serveimageLike most people I am dismayed at the demolition of Paul Rudolph’s Orange County Government Center. But I am more dismayed by the thought that we have not learned the lesson that this Sixties building has to teach. Rudolph often stepped over the line between expression and functionality, and any designer who does so should not be surprised that his/her artifact does not gain the affection of its users. I still have my old wooden swivel office chair, but my Wassily Chair is long gone. There is another lesson that the Orange County building should teach us. Exposed concrete, in this case mostly patterned concrete blocks, is not a good finish material. It weathers badly on the exterior, and it is unpleasant on the interior. In the 1960s, exposed concrete was all the rage—so was cigarette smoking, gas-guzzling cars, asbestos cement, and lead-based paint. We now see that the last four were mistakes. So was concrete. It is a fine structural material, and OK in parking garages and stadiums (especially in the hands of a master like Nervi), but not a fit replacement for brick, stone, or wood as cladding or interior finish. There are already signs that, in a nostalgic rush to preserve exposed concrete buildings of the Sixties, we are trying to convince ourselves that concrete really is an acceptable finish material. That it’s just a matter of taste. It isn’t—it was a mistake that shouldn’t be repeated. Which raises a perplexing question: How does one preserve a mistake?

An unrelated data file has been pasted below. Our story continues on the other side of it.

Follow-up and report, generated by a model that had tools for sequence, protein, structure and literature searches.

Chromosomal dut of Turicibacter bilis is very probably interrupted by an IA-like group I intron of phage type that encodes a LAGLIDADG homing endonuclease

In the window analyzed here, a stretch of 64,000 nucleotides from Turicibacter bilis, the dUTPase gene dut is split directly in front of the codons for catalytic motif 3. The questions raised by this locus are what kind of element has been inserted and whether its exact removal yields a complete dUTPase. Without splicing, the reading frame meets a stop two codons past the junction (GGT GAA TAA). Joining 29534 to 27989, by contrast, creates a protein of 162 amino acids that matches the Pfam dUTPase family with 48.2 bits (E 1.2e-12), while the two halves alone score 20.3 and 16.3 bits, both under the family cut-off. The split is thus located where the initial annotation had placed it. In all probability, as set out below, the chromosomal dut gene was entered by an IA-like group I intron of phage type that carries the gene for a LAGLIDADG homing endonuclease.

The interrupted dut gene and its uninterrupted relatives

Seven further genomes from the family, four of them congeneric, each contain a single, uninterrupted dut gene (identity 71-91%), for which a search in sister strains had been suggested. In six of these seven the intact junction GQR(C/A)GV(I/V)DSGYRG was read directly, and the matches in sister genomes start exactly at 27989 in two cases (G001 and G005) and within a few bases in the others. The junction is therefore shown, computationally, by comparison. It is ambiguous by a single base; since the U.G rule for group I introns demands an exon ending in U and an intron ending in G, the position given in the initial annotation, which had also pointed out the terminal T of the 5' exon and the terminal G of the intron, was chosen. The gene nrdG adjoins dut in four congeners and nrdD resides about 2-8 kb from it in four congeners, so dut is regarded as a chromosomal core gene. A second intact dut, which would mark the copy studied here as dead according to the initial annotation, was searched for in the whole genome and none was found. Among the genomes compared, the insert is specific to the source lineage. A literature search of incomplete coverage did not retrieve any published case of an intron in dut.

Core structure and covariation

One Response to WHAT’S TO LOVE?

  • Oren B. Helbok says:

    An excellent question! In architecture school in the 1980s, at MIT, we got into spirited discussions of the odd stuff Frank Gehry and Robert Venturi did at the time (before Gehry really went off the deep end), including using chain-link fencing as some sort of screen on a dwelling — obviously not decorative, but what? Some of my classmates believed that we could use any material any way we wished, as if materials do not have any pre-conceived identities; I wish I had thought, at the time, of asking them if we could use barbed wire with such freedom, as if it exists independent of its connotations. Might Mr. Rybczynski consider a series of essays on the many, many mistakes like this we have made in the Modern and post-Modern eras? I would submit mirrored glass (at least in the absence of any other exterior finish) and many uses of plastics as possible subjects —

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